September 8, 2020
The short answer is: Nothing that you wouldn't normally carry on your day-to-day person. Examples of generally appropriate props include cellphone, purse/wallet, pen/pencil, water/coffee/tea, housekeys, sunglasses/hat, book, etc...
But you must know that the minute you pull out a prop, you run the risk of appearing to lack the confidence to live in the empty vulnerable space of no props. To combat that assumption, you better justify and earn the choice to use it.
As always, there are exceptions to the appropriate props rule, but there is no exception to justifying and earning the use of props in an audition.
The other NO EXCEPTION rule is NEVER. BRING. A. WEAPON. TO. AN. AUDITION. (even if it is fake). Under no circumstances will it ever win you a role. And under most circumstances it will get you escorted out of the building and banned from ever returning, let alone ever auditioning for that casting office again.
3 ways in which a prop will help your audition
- Use a prop if it enhances the story. The prop should only be used in service to the storytelling. Don't let your prop overshadow the story. For instance if you are using your cellphone in a scene, 99.9% of the time your relationship with the person you're talking to is more important than your relationship with the phone itself. Make sure that you specify which LOVE relationship you are fighting for and play THAT CONFLICT rather than the trap - (eg. the phone that has terrible cell service).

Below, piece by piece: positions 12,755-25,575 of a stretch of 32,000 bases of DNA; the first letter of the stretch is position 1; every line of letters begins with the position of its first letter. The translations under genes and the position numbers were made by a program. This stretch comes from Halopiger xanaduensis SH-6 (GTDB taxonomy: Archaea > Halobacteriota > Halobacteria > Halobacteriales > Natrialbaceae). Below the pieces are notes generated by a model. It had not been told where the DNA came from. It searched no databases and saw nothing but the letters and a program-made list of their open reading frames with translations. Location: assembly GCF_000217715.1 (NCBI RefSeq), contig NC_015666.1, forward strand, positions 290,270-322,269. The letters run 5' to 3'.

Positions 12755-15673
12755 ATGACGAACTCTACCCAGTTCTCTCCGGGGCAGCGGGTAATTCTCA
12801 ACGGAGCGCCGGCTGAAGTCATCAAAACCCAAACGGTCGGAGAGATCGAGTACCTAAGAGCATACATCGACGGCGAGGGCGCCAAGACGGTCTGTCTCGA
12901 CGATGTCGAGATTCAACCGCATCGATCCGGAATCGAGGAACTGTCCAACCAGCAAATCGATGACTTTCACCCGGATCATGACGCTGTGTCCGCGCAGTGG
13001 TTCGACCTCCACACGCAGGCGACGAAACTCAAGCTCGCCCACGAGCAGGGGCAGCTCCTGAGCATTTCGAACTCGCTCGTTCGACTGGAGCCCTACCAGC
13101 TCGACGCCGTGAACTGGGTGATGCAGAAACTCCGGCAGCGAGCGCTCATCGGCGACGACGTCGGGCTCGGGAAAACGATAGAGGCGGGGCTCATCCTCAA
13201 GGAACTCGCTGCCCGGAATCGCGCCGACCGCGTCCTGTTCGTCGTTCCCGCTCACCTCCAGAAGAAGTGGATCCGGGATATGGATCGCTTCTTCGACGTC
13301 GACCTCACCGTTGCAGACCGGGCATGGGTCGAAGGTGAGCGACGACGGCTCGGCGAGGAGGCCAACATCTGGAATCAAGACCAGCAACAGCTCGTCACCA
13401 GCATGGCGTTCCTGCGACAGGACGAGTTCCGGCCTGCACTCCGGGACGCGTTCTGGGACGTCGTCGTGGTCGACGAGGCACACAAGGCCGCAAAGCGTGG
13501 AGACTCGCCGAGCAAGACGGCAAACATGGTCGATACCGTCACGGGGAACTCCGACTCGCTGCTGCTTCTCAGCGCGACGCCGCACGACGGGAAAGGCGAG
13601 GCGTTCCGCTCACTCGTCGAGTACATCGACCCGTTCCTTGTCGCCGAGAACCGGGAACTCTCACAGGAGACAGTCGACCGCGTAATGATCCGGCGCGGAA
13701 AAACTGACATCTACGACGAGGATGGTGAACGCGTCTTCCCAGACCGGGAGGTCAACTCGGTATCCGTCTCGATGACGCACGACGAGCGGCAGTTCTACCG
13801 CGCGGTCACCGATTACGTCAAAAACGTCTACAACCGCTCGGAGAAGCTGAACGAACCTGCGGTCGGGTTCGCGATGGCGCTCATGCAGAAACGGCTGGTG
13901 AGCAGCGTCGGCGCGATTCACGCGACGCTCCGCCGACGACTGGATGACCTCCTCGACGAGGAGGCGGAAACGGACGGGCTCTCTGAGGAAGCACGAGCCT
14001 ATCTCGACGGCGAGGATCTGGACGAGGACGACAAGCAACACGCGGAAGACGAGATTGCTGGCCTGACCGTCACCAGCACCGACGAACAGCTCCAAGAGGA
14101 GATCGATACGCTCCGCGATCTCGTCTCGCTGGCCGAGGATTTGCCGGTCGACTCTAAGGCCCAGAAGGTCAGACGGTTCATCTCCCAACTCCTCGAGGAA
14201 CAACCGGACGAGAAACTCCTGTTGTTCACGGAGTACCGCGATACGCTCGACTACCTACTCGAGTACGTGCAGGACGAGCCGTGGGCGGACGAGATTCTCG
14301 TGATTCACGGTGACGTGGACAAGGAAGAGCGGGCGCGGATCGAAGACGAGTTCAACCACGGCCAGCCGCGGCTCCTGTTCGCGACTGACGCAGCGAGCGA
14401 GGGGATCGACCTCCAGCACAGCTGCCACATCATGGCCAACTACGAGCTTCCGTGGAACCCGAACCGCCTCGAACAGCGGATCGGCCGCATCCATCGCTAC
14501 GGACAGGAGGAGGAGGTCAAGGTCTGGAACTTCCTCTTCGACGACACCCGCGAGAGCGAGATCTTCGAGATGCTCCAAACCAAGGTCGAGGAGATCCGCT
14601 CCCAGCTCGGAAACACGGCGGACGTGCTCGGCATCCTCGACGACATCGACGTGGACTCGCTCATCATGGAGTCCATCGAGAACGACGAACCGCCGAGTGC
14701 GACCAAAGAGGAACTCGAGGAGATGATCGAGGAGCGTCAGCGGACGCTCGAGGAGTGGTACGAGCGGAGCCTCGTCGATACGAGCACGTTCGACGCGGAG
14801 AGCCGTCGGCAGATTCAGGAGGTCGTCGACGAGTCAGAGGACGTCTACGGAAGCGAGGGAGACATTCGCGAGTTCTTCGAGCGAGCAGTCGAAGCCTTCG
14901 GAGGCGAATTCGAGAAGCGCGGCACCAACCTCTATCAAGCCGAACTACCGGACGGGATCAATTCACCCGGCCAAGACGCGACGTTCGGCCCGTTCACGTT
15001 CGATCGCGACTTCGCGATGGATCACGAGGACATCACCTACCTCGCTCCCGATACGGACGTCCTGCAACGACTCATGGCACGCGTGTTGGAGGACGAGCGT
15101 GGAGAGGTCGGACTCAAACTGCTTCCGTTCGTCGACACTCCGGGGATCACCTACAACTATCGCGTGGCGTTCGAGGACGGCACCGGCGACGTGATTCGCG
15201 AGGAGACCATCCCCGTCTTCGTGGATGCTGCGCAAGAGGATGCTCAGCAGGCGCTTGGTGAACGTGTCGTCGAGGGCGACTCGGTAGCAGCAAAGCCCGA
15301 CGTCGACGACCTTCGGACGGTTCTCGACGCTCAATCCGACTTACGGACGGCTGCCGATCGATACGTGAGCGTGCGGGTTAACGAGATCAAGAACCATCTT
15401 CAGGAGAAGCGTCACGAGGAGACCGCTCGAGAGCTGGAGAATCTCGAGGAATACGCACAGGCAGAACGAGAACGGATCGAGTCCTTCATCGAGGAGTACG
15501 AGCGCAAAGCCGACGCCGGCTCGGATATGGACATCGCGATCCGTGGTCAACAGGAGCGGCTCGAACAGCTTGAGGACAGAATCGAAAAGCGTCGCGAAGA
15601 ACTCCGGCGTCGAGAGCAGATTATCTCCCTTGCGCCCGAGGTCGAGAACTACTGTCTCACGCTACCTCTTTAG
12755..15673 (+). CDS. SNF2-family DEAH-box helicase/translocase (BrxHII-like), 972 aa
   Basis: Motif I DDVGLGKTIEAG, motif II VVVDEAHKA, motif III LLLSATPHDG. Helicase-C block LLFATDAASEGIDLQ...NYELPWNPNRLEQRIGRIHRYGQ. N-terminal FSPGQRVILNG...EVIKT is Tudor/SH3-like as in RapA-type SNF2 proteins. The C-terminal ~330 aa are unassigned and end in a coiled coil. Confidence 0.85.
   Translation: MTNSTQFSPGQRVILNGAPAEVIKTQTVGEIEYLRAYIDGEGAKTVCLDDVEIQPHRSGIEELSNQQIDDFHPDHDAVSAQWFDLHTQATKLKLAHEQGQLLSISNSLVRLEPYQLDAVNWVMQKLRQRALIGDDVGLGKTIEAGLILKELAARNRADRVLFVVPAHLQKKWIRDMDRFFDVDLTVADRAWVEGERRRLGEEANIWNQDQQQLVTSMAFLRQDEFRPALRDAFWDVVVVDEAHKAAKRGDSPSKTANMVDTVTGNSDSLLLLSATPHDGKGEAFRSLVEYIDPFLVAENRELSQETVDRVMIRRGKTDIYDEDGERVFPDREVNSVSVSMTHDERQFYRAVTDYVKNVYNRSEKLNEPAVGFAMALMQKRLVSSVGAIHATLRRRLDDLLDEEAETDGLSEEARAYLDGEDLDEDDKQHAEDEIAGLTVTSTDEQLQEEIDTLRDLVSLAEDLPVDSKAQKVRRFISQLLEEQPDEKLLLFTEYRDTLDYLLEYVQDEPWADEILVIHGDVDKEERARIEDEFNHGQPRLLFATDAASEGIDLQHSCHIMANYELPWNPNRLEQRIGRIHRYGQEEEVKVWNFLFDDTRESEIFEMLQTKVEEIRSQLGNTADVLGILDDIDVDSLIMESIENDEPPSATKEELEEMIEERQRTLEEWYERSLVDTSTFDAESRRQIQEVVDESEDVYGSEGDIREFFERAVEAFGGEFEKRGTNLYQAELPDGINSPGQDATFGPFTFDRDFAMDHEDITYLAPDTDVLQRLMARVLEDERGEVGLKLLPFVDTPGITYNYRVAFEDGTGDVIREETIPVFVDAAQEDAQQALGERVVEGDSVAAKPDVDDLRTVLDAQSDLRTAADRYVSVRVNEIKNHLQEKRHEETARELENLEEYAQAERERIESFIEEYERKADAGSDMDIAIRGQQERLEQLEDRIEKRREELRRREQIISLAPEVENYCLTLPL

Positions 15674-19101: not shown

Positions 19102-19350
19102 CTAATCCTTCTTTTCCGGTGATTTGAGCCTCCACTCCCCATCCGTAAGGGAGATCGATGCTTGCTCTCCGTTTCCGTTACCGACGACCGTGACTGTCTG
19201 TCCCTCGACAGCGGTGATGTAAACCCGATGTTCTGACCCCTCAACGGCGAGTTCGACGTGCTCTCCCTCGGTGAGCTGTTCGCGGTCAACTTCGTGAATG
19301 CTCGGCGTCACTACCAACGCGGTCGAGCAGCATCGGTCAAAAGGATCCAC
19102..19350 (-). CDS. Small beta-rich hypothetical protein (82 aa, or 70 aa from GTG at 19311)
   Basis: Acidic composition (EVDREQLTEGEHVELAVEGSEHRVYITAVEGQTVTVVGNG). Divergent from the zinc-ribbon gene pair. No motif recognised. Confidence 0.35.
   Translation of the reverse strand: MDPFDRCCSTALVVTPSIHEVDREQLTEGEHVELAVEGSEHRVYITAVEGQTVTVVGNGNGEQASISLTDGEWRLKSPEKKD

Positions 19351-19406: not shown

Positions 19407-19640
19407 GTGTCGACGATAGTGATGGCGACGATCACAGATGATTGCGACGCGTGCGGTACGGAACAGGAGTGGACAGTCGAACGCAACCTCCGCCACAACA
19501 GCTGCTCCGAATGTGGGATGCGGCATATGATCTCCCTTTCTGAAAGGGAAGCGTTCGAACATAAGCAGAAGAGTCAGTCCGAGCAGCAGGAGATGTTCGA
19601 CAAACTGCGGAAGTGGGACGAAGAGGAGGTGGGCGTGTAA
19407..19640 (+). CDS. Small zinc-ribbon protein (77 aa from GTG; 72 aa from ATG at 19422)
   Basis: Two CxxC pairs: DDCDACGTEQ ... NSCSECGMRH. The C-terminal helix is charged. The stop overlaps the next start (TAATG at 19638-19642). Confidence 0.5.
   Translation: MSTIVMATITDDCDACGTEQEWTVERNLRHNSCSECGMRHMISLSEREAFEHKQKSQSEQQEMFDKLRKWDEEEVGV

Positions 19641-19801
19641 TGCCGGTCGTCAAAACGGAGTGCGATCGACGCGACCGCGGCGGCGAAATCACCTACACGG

- Build the props around YOU and your story. Not the other way around. You want the audience to remember the impact YOU bring to the stage. Remember, it is your job as an Actor to change the molecules in the room. A prop cannot change molecules, only a human being can. Only use a prop if it will endow you with Importance - in service of the text. Not the other way around.
- Get rid of your props as soon as possible. Props are to be used sparingly, specifically, and economically. Your auditioners want to see YOU! A prop will never be a substitute for the energy, choices, preparation, and commitment - aka Head + Heart + Hips that you bring. Let your props be an arrow in your quiver, but you need to rely on your craft to hit the bullseye.